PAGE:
THE REPUBLIC PRESERVED
This monument is in commemoration of a great event in American history, yes, in world history, and that event was the settlement for all time that a republic that is a federation of sovereign states, has the right and the duty and the power of self-preservation. In two places on this monument there is reference to the "War of the Rebellion." To the Iowa soldiers it was just that. They didn't lose a star. Three were added as they fought. On their V-day, now nearly eighty years ago, they realized
the truth that
"Right is right since God is God,
And right the day has won."
To these men from the brown fields and green valleys of the first free state of the Louisiana purchase, the first statehood fruit of the Missouri compromise, their soldiering had not been in a negative war; but in a very positive and aggressive way they had gone forth to make good on the principle of the Declaration of Independence, as stated by their war leader, that "gave liberty not alone to the people of this country but hope to all the world for all future time." They had returned to their cottages with renewed faith in the world's last and greatest experiment in democracy, and this memorial was intended to perpetuate that faith. They had won their crusade for the right of men to govern themselves; not some men, but all men; not for a brief time, but for all time. The men in blue, and the men in gray, made history. It is for us not to forget. History has a way of repeating. It is true now as of old that the feet of wise men can best be guided by the lamp of experience. Those who know their own history are armed to resist wrong. This monument will remain as an everlasting reminder that our ancestors made good on their pledge to freedom and independence.
THE IOWA MONUMENT
The Iowa soldiers and sailors monument is a tall granite shaft rising from an elaborate pedestal and base, upon which are the following inscriptions :
Iowa—Her affections, like the rivers of her borders, flow to an inseparable union. Iowa's
tribute to the courage, patriotism and distinguished service of all her soldiers and sailors who fought in the War of the Rebellion, 1861-1865.
The bravest of the brave—Major-General Halleck, Feb. 19, 1862.
The patriotic work of Iowa women during the War of the Rebellion unsurpassed in every excellence. Designed by Harriet Ketcham, of Mount Pleasant, Iowa, located and erected by Act of the Twenty-fourth General Assembly, approved April 7, 1892.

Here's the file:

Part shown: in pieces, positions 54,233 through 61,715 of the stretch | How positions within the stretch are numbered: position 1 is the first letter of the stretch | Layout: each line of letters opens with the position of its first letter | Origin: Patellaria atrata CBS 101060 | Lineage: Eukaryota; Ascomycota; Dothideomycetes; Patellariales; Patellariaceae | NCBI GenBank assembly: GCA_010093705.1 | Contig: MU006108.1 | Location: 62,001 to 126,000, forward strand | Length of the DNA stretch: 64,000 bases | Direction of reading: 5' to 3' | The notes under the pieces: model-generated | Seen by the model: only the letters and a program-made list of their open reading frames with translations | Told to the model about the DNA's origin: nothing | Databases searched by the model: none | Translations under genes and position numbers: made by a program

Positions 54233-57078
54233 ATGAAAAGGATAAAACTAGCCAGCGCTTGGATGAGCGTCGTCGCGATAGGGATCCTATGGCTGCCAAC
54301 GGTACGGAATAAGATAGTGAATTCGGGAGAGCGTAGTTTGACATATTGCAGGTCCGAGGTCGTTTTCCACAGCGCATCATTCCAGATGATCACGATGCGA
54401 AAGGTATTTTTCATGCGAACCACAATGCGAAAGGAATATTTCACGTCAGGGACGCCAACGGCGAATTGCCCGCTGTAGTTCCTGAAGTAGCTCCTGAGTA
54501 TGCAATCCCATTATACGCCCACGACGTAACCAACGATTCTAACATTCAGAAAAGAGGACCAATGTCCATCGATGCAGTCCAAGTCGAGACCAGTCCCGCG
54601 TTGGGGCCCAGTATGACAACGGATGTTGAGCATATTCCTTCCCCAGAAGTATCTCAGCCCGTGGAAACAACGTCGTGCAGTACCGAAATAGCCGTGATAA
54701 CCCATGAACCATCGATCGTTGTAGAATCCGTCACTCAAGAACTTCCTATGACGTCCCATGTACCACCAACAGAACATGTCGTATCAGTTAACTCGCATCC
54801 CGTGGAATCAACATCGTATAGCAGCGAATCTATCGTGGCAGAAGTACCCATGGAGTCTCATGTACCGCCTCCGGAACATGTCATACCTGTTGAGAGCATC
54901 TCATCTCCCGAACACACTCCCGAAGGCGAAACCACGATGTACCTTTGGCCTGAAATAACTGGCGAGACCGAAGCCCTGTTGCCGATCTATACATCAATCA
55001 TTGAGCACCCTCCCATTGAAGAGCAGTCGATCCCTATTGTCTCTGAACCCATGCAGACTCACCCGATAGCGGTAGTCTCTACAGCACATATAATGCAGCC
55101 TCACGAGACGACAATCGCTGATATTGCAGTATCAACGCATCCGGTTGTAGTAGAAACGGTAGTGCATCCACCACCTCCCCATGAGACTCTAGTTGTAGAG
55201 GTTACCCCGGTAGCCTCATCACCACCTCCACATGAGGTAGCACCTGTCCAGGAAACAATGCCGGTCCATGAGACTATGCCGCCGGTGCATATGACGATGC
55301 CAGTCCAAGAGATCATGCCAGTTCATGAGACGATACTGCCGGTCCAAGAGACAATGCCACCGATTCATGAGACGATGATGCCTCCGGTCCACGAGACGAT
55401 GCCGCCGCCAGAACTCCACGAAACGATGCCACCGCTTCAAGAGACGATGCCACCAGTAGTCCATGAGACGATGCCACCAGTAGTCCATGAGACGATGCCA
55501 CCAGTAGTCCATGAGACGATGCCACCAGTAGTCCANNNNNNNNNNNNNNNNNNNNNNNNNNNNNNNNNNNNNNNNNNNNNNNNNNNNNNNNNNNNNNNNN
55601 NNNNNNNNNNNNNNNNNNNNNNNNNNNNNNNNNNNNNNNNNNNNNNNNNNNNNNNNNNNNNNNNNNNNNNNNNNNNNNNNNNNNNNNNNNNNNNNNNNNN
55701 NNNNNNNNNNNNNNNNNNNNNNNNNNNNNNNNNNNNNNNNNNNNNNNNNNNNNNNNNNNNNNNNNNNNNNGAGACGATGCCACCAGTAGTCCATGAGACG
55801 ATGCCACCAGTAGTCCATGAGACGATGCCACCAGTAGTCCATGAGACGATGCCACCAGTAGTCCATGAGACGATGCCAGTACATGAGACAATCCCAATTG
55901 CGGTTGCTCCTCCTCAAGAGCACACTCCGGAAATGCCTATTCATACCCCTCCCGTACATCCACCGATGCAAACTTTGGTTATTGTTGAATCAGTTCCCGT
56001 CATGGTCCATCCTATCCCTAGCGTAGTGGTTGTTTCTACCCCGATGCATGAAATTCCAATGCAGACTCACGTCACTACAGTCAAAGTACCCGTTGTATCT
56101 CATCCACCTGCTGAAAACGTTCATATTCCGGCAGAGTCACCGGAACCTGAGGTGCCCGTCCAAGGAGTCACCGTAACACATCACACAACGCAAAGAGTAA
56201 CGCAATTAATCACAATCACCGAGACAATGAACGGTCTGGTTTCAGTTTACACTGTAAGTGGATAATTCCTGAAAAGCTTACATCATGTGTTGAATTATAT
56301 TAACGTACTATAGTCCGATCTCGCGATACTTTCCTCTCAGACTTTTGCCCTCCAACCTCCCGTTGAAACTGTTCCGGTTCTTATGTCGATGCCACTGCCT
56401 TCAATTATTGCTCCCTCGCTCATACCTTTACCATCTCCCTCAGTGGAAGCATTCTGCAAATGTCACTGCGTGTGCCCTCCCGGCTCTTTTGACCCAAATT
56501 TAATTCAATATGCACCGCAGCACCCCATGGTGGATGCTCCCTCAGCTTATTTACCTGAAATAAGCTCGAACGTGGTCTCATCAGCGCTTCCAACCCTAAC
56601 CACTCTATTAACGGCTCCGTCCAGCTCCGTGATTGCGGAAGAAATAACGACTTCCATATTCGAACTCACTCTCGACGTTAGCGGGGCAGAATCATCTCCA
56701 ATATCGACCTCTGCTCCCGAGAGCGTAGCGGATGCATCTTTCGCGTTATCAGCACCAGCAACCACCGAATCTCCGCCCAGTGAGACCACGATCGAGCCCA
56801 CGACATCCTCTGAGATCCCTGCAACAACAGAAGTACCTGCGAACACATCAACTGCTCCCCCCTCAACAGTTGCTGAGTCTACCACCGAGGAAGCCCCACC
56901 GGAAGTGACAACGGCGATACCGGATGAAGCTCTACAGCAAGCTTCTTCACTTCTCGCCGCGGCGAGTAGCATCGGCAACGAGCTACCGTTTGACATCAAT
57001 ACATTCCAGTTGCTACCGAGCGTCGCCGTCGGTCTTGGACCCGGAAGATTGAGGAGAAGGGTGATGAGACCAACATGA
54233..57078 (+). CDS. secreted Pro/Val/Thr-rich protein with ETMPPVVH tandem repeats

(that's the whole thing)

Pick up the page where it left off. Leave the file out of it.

Right is right since God is God, And right the day has won. Upon the commission, in charge of erection there were at various times the following pej;sons : Governprs William Larrabee, Francis M. Drake, Horace Boies and Frank D. Jackson ; also Ex-Gov. Samuel J. Kirkwood, and James Harlan, George G. Wright, Edward Johnstone, D. N. Richardson, E. Townsend,JL. E. Mitchell, H. H. Trimble, Cora C. Weed, C. H. Gateh and J. F. Merry. The crowning figure of the monument is symbolic of Victory. On one side is a group representing History and on another a mother representing Iowa. There is a coat of arms of Iowa. A bas-relief shows the great battle of Donelson, and another shows a group of Iowa people welcoming return from the Civil war, and on this is represented a large number of well known Iowa persons. There are four equestrian statutes showing Gen. Grenville M. Dodge, Gen. John M. Corse, Gen. M. M. Crocker and Gen. Samuel R. Curtis. There are four life-size representations of Iowa men, namely : Infantryman, Shelby Norman; sailor. Ensign W. H. C. Michael; artilleryman, Capt. H. H. Griffiths; cavalryman, Lieut. James Horton. Upon the monument there is a series of plaques showing the faces of Iowa soldiers and sailors as follows : W. W. Belknap, Ed Hatch, E. F. Winslow, J. B. Weaver, D. B. Henderson, N. W. Mills, J. C. Parrott, R. P. Clarkson, J. B. Sample, S. A. Rice, W. T. Shaw, C. H. Smith, T. S. Wright, J. R. Reed, W. H. Merritt, J. F. Hartman, C. L. Matthias, Wm. Vandever, Samuel Duffin, F. M. Drake, C. A. Stanton, E. C. Haynes, G. A. Stone, John Scott, J. A. Williamson, John W. Noble, A. H. Sanders, J. M. Hedrick, J. L. Geddes, S. M. McFarland, W. H. Kinsman, S. G. Hill, J. B. Dorr, D. S. Wilson, and Chas. Foster. At the time of the enlargement of the Capital park, plans were made for removal of the monument to a more sightly place on the plaza east of the capitol. The commission that built the monument made a strong effort to secure a different location, but the General Assembly had fixed the original location of a site partly on ground formerly used for the temporary capitol, and there it has been allowed to remain.